Thursday, October 09, 2008

The Song of the Shrew

Kiss Me Kate is playing in Orlando. My fiance leaves next week for 2 weeks of travel and I desperately want him to take me to see it before the show closes next week.

Because I'm starting to doubt whether I will get to see this wonderful musical based off of my favorite play-wright's Taming of the Shrew, I've been dabbling in some You-Tube searches of songs (I have a strange feeling the show I'm going to see is of much higher caliber than what I'll find on the tube...)

Among the searches, I yielded the deleterious I Hate Men sung by the infamous Katherine, whose shrewish voice yields such a tasty phrase as "For husbands are a boring lot that only give you bother..."

And then there's darling little Bianca, with her lovely little antics, singing her declaration of love to Tom, Dick, or Harry - she'd take all THREE!

If you know the story, forgive the recap, but here it goes - Bianca is the youngest of two (Katherine being her older sister) in a society that requires the oldest to marry before the youngest. Woe be to lusty Bianca, whose older sister thoroughly despises men and refuses to EVER marry. A suitor is on the horizon, though, and together with Bianca and dear father, schemes to match Katherine with a suitor that will not take no for an answer - and the story continues with Katherine's re-education on the importance, necessity, and desirability of...men.

I just realized while thinking random thoughts how much this story is like everything I've been struggling with since stumbling onto Anakin Nice-Guy's and MLV's blogs. My issue with them was that the stance they took on marriage hindered any progress - specifically for the ones that actually WANT to marry and actually do the right thing as wives.

And then this thought comes up - hey...me and girls like me are the Biancas of modern society...and our big sister that's ruining our chances at marital success are all the feminists and women that willfully tear down their husbands by refusing them access to their children and sapping them for all they're worth.

I wonder if its possible to find Petruchios willing to marry all those Katherines and re-educate them so the rest of the unmarried Biancas have a shot at some marital success ;)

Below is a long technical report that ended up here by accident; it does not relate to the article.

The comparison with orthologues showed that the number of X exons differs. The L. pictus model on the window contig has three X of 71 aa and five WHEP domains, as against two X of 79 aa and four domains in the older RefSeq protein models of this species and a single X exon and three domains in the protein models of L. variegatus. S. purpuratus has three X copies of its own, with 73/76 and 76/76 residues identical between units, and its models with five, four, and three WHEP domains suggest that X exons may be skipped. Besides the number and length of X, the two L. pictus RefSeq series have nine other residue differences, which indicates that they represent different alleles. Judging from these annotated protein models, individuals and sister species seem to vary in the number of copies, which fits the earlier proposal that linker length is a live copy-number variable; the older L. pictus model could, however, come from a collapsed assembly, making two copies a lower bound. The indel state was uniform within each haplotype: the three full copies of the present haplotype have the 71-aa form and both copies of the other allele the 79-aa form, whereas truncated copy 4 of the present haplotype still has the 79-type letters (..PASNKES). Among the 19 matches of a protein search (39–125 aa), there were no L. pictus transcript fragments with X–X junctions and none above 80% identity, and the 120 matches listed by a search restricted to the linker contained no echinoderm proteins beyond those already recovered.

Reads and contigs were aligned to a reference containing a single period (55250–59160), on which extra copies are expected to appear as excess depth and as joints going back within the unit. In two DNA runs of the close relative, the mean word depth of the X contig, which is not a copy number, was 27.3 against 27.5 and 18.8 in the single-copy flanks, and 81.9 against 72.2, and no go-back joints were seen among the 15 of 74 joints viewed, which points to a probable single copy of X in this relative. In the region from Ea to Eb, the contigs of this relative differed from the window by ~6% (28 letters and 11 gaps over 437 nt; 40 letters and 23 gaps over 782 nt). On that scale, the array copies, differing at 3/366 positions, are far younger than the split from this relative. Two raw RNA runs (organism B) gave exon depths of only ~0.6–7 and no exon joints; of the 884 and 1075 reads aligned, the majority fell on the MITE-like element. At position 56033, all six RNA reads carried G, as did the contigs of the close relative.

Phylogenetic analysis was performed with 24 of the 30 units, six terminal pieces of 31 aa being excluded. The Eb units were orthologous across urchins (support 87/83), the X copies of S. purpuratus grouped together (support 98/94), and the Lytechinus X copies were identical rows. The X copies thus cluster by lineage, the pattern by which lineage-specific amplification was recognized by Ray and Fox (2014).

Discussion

8 comments:

The Learner said...

Hi Christina,

Interesting post. I have never read The Taming of the Shrew or seen the play but I did see the old Liz Taylor and Richard Burton movie version :) Your parallel is interesting but it caused me to wonder if the Liz Taylor movie is significantly different than the Shakespeare play. At the and of Liz's movie Bianca comes off as a bit of a spoiled princess type (if I remember correctly)and Kate comes off as the wise wife who tells ler how it is.

Christina said...

Actually, Learner,

After Kate gets her medicinal dose, she's a lot more qualified to give marital advice than her darling little sister ;)

Its interesting, definitly, in that play that all Kate needed was a strong hand that wouldn't let her have her way - and she learned to see reason and deeply love Petruchio...

But Kate, throughout the entire play, always came off as the more mature of the two - just WAY too anti-male =p

The Learner said...

Christina,

That does sound like the Liz Taylor version :)

Christina said...

Lol...did you ever see "10 Things I Hate About You"?

That one also had a very similar arrangement of things as this play does :)

The Learner said...

Yes, I saw that movie...I remember thinking it was like the Taming of the Shrew.

Christina said...

Julia Stiles has a reputation (in my mind) with doing modern versions of Shakespearian plays.

Othello (O), Taming of the Shrew (10 Things I Hate About You), and I'm pretty certain Save the Last Dance was also one. I used to know them all and can't remember them!!!

When she did The Prince and Me and played a Biology student who just didn't "get" Shakespeare, I had to LOL. The vast majority of the movies she's been in are Shakespeare knock-offs =p

MarkyMark said...

Christina,

Your post was an interesting, quasi-allegorical take on feminism, with the allusion of how the big sisters ruined it for you younger sisters who don't hate men. Very interesting...

MarkyMark

Modesty said...

People should read this.